oh, larissa


professional internet explorer, sorbet connoisseur and general HBIC | contact | filter images | stats
Text

In study after study of men and women who get paid more and promoted faster, the quality of “action orientation” stands out as the most observable and consistent behavior they demonstrate. They launch directly into their major tasks and then discipline themselves to work steadily and single-mindedly until those tasks are complete.

You can actually develop a “positive addiction” to endorphins and to the feeling of enhanced clarity, confidence and competence that they trigger. When you develop this “addiction,” almost without thinking you begin to organize your life in such a way that you are continually starting and completing ever more important tasks and projects. You actually become addicted to success and contribution.

You must think constantly about the rewards and benefits of being an action-oriented, fast-moving, focused person. See yourself as the kind of person who gets important jobs done quickly and on a consistent basis.

- Eat That Frog (via spaceships)



Reblogged from the pandas are moshing.

May 30, 2009, 11:35am

Photograph

Catherine Rampell over at the NYT Economix blog, created this graph of the average time spent eating in various countries, measured against the country’s obesity rate. She noticed originally that the French seemed to have a low obesity rate, despite the fact that they spent a lot of time eating. I’ve always been a horrendously slow eater, but I actually think, for whatever reason, it’s been good for my health. Something about eating slow limits the amount of food you eat, and makes you savor what you do eat.
(via ninakix)

Catherine Rampell over at the NYT Economix blog, created this graph of the average time spent eating in various countries, measured against the country’s obesity rate. She noticed originally that the French seemed to have a low obesity rate, despite the fact that they spent a lot of time eating. I’ve always been a horrendously slow eater, but I actually think, for whatever reason, it’s been good for my health. Something about eating slow limits the amount of food you eat, and makes you savor what you do eat.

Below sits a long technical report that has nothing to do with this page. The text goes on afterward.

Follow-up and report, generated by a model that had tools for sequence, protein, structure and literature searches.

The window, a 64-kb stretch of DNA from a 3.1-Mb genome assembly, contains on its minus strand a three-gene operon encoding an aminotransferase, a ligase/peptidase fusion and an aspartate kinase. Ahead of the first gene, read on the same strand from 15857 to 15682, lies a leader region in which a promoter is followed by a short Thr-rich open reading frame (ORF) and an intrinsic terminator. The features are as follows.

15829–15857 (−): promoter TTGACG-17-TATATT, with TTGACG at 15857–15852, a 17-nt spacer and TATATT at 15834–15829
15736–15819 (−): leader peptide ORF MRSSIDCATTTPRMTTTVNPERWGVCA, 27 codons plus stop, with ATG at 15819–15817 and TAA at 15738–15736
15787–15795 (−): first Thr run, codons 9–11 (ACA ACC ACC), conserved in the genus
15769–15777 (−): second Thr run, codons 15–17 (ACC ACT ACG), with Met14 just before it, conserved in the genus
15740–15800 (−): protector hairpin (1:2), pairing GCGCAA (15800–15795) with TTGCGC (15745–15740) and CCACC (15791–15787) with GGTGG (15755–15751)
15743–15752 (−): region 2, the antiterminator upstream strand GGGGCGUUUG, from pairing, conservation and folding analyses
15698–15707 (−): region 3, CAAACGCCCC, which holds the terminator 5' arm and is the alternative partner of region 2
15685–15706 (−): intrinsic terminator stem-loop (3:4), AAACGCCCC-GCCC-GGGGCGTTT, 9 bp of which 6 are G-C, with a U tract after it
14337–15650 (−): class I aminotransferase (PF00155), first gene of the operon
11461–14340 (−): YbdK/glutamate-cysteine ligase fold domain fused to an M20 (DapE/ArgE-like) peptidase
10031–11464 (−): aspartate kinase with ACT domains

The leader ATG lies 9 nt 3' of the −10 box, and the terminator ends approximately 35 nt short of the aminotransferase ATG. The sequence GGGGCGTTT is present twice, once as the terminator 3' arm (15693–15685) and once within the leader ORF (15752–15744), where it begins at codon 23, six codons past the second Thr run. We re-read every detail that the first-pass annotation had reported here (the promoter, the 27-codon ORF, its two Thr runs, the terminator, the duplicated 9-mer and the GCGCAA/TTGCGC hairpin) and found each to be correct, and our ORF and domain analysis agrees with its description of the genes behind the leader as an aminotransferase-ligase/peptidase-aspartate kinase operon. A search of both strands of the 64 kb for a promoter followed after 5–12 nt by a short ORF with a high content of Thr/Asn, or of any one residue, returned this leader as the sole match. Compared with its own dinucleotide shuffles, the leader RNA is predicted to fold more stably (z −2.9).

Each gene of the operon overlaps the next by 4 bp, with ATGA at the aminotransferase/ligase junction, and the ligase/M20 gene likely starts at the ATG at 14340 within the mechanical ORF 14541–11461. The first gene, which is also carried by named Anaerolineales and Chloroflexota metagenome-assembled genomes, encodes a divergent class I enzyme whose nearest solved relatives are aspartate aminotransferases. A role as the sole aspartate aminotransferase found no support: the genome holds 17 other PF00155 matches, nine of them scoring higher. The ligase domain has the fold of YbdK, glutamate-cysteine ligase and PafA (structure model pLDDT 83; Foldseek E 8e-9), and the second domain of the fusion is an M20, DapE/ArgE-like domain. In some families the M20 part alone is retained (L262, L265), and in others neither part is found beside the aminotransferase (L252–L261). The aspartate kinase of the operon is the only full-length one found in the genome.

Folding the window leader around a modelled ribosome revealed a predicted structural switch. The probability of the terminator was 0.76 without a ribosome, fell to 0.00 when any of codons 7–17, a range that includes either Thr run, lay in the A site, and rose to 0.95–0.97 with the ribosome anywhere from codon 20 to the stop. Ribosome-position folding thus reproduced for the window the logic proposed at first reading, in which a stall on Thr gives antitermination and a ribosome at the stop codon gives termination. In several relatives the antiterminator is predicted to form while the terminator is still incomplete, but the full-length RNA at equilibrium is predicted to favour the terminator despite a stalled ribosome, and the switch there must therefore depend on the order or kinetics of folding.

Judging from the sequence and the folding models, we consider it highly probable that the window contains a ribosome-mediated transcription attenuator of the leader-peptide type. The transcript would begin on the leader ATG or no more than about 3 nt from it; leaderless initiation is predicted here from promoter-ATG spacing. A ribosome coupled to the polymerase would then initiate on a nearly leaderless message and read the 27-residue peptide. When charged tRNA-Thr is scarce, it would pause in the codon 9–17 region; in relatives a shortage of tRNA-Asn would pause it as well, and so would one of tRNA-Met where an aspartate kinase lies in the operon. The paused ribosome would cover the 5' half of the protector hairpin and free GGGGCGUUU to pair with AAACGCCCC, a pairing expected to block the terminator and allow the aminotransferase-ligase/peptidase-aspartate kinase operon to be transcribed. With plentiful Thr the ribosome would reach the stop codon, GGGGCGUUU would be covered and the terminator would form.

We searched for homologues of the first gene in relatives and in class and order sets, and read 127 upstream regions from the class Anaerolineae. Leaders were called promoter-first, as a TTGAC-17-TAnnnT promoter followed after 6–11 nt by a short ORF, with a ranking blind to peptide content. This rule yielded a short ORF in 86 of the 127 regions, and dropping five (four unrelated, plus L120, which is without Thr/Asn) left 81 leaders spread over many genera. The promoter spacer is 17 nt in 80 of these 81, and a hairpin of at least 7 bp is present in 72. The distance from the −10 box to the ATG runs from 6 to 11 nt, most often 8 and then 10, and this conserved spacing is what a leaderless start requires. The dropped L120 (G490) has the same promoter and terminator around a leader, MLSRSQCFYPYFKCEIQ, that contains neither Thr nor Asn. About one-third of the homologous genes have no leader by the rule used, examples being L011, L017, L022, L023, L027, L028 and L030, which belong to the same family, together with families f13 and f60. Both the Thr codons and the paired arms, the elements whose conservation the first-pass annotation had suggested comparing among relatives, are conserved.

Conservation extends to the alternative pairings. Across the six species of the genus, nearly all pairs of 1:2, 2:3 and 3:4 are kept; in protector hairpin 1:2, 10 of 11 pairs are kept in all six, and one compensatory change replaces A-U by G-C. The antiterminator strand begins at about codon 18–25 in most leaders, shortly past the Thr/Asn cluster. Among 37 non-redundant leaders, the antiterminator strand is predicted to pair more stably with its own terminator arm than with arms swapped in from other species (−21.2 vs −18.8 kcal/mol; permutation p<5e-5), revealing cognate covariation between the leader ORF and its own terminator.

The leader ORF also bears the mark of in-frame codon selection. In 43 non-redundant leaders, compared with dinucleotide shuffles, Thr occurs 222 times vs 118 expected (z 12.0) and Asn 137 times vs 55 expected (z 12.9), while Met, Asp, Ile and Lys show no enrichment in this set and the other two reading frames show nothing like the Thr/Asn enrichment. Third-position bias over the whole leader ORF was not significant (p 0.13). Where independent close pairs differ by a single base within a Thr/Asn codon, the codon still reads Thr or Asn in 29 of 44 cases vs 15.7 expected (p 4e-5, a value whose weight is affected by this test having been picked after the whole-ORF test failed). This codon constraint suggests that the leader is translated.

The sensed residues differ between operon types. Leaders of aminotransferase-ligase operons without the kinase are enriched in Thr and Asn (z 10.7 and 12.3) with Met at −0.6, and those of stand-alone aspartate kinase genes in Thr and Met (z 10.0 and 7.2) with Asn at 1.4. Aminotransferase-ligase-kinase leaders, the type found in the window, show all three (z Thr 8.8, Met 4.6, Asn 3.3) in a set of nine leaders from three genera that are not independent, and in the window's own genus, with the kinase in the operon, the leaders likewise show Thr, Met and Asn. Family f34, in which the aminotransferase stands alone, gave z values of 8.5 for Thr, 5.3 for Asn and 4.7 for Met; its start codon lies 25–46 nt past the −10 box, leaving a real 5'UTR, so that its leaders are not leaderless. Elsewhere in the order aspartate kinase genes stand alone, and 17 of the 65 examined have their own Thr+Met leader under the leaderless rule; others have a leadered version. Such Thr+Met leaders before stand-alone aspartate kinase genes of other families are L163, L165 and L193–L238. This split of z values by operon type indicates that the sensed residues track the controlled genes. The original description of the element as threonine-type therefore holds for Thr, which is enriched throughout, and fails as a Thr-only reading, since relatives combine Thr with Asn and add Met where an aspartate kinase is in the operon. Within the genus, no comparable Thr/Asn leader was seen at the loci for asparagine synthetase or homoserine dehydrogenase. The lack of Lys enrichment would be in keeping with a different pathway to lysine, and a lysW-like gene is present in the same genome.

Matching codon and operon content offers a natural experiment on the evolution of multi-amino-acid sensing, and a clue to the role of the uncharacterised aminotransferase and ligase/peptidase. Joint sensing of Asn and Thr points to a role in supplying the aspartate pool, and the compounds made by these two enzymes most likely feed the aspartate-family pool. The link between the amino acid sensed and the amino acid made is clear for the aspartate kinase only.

(via ninakix)



Reblogged from Young and Brilliant.
Link

Americans can't answer rudimentary science questions

A national survey commissioned by the California Academy of Sciences reveals that the U.S. public is unable to pass even a basic scientific literacy test. (via:science)

  • Only 53% of adults know how long it takes for the Earth to revolve around the Sun.
  • Only 59% of adults know that the earliest humans and dinosaurs did not live at the same time.
  • Only 47% of adults can roughly approximate the percent of the Earth’s surface that is covered with water.
  • Only 21% of adults answered all three questions correctly.



Reblogged from science tumbled.
Photograph

via brocatus: via obsessivecompulsive

via brocatus: via obsessivecompulsive



Reblogged from André Brocatus was here....
Link

Brain Gain

Reporting & Essays/ The New Yorker

Every era has its defining drug. Neuroenhancers are perfectly suited for our efficiency-obsessed, BlackBerry-equipped office culture.

“A young man I’ll call Alex recently graduated from Harvard. As a history major, Alex wrote about a dozen papers a semester. He also ran a student organization, for which he often worked more than forty hours a week; when he wasn’t on the job, he had classes. Weeknights were devoted to all the schoolwork that he couldn’t finish during the day, and weekend nights were spent drinking with friends and going to dance parties. “Trite as it sounds,” he told me, it seemed important to “maybe appreciate my own youth.” Since, in essence, this life was impossible, Alex began taking Adderall to make it possible.

Adderall, a stimulant composed of mixed amphetamine salts, is commonly prescribed for children and adults who have been given a diagnosis of attention-deficit hyperactivity disorder. But in recent years Adderall and Ritalin, another stimulant, have been adopted as cognitive enhancers: drugs that high-functioning, overcommitted people take to become higher-functioning and more overcommitted. (Such use is “off label”…